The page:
The Apollo space missions were championed for their opportunity to give humanity a different perspective. Those things that seems so important down here on earth’s surface fade when you’re looking back at a small blue ball from the depths of space. And Damien Chazelle’s First Man is really about perspective.
Chazelle and writer Josh Singer (The Post, Spotlight) are interested in a different view of a story everyone knows the ending of. Yes it’s ostensibly about the first landing on the moon. But it’s actually the story of a man deeply depressed, deeply disconnected from his family and his life. After the death of his toddler daughter from cancer, experimental research test pilot Neil Armstrong (Ryan Gosling) – an already quiet, detached man – becomes internally untethered. He only sees some salvation, some relief, some way of moving forward in reaching literally and figuratively higher. He volunteers for NASA’s Gemini space program, and the fact that every second of every test and mission carries short odds of death are possibly part of the attraction. Gosling plays Armstrong as the silent, reserved type that he most iconically played in Drive – which he’s really good at – but you can almost see, through the close-ups of his eyes, him slowly fading away inside.
There are parts that talk to the larger story – the race against the Russians, the public and political questions of the worth of the project, what success might mean for the future of America and the world – but really this is about one family’s struggle to piece their life back together. Neil tells his wife Janet (Claire Foy) that the NASA project is their chance for a fresh start, but it’s clear that it’s not going to be one for her. She’s the one left trying to keep their young family going, while always ready to be the next wife told her husband isn’t coming home, to tell her sons about their father. This is a role that could have easily slipped into cliché but is saved by an excellent performance from Foy. Her character is grounded and grounding, and there are affecting moments like when she comforts a grieving friend, or confronts Neil as he packs for the Apollo 11 mission and forces him to say goodbye to his sons.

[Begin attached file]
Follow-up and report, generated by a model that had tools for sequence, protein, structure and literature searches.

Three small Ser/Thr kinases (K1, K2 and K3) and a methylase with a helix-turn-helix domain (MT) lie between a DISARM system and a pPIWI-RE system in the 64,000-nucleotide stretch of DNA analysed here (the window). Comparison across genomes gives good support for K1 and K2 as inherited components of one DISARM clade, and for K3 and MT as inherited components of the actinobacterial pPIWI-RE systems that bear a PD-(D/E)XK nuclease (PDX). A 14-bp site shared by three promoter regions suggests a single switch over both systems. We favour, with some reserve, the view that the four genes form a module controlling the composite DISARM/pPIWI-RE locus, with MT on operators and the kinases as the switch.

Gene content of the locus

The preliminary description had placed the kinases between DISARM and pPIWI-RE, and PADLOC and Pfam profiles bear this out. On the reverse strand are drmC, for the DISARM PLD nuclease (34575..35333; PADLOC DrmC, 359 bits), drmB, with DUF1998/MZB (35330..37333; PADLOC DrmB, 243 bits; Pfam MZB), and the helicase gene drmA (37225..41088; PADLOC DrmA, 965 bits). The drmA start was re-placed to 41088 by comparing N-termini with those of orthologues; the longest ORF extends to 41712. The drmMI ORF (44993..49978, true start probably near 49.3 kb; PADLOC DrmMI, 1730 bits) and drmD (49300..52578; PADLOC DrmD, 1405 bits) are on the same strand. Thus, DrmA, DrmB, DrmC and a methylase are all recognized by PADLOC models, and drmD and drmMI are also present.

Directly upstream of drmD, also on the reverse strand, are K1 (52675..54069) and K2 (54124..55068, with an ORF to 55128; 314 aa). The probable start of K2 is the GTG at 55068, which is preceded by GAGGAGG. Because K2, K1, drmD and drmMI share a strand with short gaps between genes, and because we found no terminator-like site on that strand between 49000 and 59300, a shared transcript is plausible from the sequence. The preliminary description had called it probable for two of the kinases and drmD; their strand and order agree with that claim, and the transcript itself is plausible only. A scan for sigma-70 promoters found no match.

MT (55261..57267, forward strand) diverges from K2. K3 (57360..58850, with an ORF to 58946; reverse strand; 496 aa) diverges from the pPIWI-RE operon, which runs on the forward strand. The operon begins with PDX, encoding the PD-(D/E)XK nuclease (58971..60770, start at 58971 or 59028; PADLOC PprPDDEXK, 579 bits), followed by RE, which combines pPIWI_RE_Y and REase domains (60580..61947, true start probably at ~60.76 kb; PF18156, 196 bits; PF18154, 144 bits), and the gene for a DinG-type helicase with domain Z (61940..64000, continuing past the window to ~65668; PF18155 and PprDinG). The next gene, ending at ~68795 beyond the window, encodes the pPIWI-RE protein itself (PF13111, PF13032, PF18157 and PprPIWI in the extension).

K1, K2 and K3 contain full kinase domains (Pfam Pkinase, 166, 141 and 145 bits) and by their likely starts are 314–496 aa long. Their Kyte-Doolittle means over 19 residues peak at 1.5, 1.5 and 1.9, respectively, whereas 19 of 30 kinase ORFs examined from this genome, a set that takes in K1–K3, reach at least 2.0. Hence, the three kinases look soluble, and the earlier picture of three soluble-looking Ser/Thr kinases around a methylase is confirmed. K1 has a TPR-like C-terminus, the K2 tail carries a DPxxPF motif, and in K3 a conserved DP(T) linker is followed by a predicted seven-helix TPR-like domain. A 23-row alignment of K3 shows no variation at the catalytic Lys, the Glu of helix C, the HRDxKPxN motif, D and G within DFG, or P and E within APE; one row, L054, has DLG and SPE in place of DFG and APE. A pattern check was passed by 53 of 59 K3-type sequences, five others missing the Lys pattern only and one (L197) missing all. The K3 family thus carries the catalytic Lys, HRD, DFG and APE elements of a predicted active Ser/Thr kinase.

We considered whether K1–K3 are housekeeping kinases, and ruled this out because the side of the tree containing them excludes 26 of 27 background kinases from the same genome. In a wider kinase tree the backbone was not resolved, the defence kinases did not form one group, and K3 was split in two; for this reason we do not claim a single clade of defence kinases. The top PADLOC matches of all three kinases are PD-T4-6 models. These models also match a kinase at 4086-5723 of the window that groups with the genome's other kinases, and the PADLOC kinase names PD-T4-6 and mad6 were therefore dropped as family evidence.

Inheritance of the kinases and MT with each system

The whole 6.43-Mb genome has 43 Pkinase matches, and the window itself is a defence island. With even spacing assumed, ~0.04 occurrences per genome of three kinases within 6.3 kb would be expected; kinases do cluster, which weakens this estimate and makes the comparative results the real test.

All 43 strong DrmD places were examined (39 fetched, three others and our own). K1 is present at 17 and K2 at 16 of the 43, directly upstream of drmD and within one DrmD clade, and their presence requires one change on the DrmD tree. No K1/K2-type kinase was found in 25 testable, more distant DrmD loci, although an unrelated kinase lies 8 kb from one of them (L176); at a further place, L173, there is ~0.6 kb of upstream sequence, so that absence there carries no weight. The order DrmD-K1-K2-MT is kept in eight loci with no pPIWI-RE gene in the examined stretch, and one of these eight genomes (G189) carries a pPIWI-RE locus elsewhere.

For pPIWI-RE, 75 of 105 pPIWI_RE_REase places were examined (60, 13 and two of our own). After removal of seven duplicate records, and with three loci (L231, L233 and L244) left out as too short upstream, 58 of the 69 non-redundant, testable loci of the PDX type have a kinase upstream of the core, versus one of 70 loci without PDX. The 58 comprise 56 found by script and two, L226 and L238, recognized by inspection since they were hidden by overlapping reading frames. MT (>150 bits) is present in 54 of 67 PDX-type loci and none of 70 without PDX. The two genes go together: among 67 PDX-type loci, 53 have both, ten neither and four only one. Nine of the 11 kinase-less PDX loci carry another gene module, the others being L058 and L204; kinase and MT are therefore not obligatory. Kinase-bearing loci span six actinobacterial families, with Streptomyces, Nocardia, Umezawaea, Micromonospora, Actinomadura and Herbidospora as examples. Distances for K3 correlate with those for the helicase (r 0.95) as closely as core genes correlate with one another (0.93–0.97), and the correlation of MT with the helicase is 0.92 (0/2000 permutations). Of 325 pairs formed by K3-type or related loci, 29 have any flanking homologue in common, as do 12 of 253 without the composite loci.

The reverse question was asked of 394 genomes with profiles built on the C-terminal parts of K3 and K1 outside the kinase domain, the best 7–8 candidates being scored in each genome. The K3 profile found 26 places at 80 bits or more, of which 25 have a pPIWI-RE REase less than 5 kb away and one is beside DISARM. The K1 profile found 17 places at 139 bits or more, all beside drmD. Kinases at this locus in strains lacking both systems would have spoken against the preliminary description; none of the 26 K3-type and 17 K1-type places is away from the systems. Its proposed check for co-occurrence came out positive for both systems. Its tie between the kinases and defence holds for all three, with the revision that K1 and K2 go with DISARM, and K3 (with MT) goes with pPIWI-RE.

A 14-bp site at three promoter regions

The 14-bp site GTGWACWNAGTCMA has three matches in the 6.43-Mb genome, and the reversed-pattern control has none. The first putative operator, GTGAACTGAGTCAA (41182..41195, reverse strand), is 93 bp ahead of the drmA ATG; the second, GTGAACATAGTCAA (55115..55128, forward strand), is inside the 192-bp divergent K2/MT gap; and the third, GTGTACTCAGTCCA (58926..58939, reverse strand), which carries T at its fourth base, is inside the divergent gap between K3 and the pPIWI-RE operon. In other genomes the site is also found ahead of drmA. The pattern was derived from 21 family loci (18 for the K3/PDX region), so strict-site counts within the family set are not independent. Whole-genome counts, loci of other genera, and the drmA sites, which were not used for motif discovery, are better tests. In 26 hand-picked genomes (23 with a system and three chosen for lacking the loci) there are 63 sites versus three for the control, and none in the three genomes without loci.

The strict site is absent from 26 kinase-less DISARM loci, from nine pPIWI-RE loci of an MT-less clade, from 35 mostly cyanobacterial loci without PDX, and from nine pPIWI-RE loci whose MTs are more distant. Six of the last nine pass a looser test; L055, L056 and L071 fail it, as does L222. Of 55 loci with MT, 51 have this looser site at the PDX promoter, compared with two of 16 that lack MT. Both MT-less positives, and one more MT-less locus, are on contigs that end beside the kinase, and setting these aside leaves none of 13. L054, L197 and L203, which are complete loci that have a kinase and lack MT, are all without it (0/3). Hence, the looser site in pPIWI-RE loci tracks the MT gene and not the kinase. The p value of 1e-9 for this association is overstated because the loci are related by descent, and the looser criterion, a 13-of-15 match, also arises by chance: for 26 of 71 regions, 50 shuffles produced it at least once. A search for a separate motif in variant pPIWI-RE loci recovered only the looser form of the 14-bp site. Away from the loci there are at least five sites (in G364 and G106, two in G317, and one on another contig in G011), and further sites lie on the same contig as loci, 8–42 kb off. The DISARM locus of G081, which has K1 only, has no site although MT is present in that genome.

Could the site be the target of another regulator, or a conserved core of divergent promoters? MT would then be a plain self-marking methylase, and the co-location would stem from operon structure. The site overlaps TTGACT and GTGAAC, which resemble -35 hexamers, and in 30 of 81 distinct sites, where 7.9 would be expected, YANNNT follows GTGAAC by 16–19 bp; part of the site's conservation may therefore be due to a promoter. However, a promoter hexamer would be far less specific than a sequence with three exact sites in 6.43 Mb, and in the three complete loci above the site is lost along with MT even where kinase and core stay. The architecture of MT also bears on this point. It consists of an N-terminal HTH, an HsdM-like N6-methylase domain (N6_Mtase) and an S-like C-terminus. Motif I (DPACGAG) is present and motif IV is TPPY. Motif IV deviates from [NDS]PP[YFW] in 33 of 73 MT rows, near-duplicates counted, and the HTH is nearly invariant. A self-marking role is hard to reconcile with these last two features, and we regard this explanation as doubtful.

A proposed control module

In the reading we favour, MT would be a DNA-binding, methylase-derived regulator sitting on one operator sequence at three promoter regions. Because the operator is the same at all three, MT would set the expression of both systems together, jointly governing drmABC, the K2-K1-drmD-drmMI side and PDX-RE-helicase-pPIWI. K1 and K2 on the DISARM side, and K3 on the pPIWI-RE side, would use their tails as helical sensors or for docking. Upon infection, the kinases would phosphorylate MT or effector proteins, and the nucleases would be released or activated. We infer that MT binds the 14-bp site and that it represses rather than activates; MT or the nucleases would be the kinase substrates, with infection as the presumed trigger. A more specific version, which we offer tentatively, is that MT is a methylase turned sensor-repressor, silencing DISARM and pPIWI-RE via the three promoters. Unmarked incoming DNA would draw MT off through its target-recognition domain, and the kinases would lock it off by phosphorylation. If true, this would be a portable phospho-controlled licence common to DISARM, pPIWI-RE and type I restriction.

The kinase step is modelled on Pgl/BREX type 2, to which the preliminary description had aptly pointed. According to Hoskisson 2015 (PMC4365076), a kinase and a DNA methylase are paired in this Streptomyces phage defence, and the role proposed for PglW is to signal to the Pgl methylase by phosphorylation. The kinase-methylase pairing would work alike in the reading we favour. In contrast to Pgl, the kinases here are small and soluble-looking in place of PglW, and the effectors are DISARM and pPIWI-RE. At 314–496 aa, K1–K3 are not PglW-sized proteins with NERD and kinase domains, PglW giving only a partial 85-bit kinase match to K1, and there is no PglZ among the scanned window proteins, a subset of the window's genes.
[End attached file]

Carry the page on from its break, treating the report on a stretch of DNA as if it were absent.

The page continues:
This different perspective, this desire to show things in a different way is revealed through Chazelle and director of photography Linus Sangren’s shot choices. First Man is filled with close-ups and point-of-views. We’re there to see and feel what they do. We get this in both the ‘action’ sequences and the family scenes. The camera floating handheld up to faces, drifting to close-ups of fingers in hair, tight in on Foy’s huge blue eyes, mirroring the globe Armstrong looks back on from the lunar surface. There are strongly lyrical stylistic similarities to Terrence Malick here, especially The Tree of Life. The sound design is sometimes incredible, physically grounding in the action and emotionally resonant in home life scenes – like how the sound of a coffin being lowered reverberates through a scene in a way you know it’ll stay with the characters forever.
An opening orbital test flight sequence is really claustrophobic as we shift between shots of dials, the small windows, Gosling’s eyes, hands working, panels moving. You feel the power of the plane, each sound and movement. There’s also an extraordinary set piece involving the docking of the Gemini 8 craft and Agena orbital. Everything is shot from inside the cockpit or from the astronauts’ perspective. When the mission begins to go wrong we’re stuck inside there with them, sharing their confusion, the sounds and images thrillingly becoming almost hallucinatory. Sangren shoots in 16mm and 32mm to give a really textural and era-accurate quality to most of the film, but switches to 70mm for the IMAX-size lunar surface scenes. This is a stunning section, but its power isn’t truly from seeing that first step, but from the emotional core that the film’s built until that point. Now he’s there, looking down a seemingly bottomless crater, across an endless stretch of space, what now of the dark depths inside Armstrong himself.
It’s when Chazelle does something that he thinks he should be doing, where he strays from homage to cliché, showing us what we’ve seen before, how we’ve seen it before, that the film struggles. Things like having a 2001-esque classical waltz play during a docking set piece, showing the Apollo 11 launch from a series of different external angles like we’ve seen a thousand times before, straying into hagiography of these American heroes, having the script spell things out (like Janet telling a neighbour that all she wanted when she married Neil was stability) rather than being confident in its smarter character building choices (Janet choosing to turn the lights off on him and walking away as Neil stands out in the back garden staring at the moon).
First Man is surprising in the intimacy of its story and its shots, surprising in its focus on the depths inside humanity rather than in space. What is not surprising is the skill with which it is directed and acted, and that it will be right up there in the next Oscar race.
First Man is in cinemas from 11th October through Universal Pictures.